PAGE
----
In line with the collaborative nature of scientific work, the team worked with three other teams to build better projects. We helped the Notre Dame Collegiate high school team with running imperative assays for their project and assisted with their graphic design. Collaboration with the University of Lethbridge team aided both teams in the development of their projects and determined direct applicability of each project into the other. Cooperation with the Queens Canada team provided us with advice on some of the technical aspects of our project’s progression.
By engaging with three main impact groups: researchers, students, and the public, we were able to communicate our project and address concerns surrounding synthetic biology in the community. We began our public engagement adventure with a faculty talk outlining our project plans to researchers at the U of C. Through the summer, we engaged with high school students by creating a curriculum and lesson plan, and gave a graphic design workshop to an iGEM team in need. Last but not least, the general public was engaged through public science events and a meeting with spiritual leaders in our community. Additionally, attendance at conferences provided opportunities for collaboration and valuable advice from synthetic biology entrepreneurs and iGEM alumni.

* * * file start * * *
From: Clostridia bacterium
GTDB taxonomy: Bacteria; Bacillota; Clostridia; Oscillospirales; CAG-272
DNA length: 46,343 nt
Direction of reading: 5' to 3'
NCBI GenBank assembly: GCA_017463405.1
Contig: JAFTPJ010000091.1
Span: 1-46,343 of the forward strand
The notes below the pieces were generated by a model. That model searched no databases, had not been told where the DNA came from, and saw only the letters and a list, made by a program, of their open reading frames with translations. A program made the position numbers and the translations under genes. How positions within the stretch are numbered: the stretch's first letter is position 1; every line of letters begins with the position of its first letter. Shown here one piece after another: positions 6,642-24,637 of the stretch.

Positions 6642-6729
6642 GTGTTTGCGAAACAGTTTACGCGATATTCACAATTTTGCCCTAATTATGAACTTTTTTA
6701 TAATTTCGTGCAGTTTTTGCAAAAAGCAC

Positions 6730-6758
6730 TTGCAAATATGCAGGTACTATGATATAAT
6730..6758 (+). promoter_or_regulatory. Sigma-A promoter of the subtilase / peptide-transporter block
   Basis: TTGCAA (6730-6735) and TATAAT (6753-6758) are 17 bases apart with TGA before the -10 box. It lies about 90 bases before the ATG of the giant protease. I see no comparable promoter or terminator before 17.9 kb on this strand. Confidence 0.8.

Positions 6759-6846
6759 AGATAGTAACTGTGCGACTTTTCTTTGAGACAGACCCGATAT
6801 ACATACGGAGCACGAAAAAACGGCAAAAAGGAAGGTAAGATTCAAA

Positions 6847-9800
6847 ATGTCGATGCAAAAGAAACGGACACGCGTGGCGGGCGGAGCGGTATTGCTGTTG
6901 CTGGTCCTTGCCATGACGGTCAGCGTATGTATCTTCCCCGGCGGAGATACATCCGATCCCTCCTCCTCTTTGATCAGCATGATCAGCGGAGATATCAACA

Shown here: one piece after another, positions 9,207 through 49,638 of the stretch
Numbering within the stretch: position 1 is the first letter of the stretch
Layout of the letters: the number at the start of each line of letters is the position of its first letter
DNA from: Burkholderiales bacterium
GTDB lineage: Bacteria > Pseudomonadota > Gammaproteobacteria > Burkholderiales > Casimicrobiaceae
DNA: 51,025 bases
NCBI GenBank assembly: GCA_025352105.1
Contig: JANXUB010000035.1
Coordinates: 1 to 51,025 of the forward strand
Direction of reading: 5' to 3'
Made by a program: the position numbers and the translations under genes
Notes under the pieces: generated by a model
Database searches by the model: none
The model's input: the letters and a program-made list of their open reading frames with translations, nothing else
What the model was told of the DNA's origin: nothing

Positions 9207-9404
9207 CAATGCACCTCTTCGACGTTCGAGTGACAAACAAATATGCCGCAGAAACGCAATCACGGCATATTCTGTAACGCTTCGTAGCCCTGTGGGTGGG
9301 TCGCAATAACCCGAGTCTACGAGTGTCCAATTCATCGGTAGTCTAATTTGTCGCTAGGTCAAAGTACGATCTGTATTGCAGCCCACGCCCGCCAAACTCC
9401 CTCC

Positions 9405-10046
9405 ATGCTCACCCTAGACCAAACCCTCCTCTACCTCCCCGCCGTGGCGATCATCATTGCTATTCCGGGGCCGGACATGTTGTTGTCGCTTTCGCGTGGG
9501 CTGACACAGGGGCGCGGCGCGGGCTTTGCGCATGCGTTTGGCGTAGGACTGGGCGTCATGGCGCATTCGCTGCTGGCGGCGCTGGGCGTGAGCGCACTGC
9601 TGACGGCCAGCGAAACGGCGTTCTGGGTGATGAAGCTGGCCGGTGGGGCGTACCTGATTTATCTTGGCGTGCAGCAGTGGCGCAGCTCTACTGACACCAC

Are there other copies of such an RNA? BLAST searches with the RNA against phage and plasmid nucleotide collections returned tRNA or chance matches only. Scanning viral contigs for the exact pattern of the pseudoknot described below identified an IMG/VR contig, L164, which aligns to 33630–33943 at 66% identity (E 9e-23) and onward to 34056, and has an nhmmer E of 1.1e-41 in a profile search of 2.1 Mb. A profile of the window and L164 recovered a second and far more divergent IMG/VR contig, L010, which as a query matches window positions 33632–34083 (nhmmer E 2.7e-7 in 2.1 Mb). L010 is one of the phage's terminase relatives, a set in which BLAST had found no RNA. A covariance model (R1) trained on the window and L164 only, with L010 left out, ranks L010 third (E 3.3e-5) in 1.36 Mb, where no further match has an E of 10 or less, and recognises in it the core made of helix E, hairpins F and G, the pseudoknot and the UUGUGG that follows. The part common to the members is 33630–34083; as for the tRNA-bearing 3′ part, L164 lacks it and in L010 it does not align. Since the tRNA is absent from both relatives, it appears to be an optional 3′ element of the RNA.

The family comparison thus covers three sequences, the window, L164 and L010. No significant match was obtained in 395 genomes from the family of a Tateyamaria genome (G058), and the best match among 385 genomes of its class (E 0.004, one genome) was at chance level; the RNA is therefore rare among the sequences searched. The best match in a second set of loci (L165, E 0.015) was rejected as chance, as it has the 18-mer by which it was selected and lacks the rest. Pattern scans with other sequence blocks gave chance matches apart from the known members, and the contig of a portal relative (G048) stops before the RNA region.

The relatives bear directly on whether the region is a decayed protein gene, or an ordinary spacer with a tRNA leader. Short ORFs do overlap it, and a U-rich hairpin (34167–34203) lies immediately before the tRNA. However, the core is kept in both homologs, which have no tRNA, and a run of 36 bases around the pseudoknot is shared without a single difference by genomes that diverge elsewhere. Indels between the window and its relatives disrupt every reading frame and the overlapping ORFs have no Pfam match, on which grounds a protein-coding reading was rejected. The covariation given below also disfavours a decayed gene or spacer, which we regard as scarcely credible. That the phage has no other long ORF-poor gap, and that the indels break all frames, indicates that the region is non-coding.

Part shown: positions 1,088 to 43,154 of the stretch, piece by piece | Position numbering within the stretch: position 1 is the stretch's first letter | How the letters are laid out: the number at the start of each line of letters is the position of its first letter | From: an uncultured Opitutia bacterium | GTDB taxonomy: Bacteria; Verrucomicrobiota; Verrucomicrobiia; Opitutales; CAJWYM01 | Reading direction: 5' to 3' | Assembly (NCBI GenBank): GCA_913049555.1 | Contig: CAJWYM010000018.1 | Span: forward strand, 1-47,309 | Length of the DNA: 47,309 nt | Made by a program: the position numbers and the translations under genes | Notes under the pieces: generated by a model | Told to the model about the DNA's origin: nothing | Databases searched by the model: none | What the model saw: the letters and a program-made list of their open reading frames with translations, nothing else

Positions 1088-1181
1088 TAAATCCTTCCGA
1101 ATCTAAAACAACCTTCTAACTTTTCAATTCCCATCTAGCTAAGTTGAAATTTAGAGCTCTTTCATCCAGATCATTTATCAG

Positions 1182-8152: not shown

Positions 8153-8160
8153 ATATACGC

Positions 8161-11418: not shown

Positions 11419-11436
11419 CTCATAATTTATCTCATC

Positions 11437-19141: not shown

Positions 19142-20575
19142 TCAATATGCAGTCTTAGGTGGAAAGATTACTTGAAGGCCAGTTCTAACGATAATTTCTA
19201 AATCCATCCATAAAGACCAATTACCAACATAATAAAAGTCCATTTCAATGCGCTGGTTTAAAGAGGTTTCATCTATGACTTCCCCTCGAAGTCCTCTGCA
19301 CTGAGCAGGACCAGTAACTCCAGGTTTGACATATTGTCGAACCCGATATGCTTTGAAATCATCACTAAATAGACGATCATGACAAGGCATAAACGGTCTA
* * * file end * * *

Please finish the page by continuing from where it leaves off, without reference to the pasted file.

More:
Our journey towards a safer gene therapy was shaped by the exploration of the societal context in which our project exists. Snip, Equip, Flip evolved over time through careful consideration of the project’s applicability to current research, ethical debates, religious views and established public opinions.
Addressing foreseeable societal concerns, our system was designed with an ex vivo, non-viral approach. However, we found through meeting with the Spiritual Care Advisory Committee at Alberta Health Services that we had not yet explored other issues, such as the alteration of natural order by enhancement, or cultural eradication. Within a strictly therapeutic context, Snip, Equip, Flip’s implications as a biotechnology opens the door to a world of poorly defined regulations and safety concerns that we as undergraduate students were not equipped to handle.
Discussions with Dr. Ian Lewis and Dr. Walter Glannon guided our team to consider framing our project in a research context. By reworking our project to be a foundational tool to biological advancement, we are faced with fewer ethical issues and can expand the reach of our project beyond human genome modification.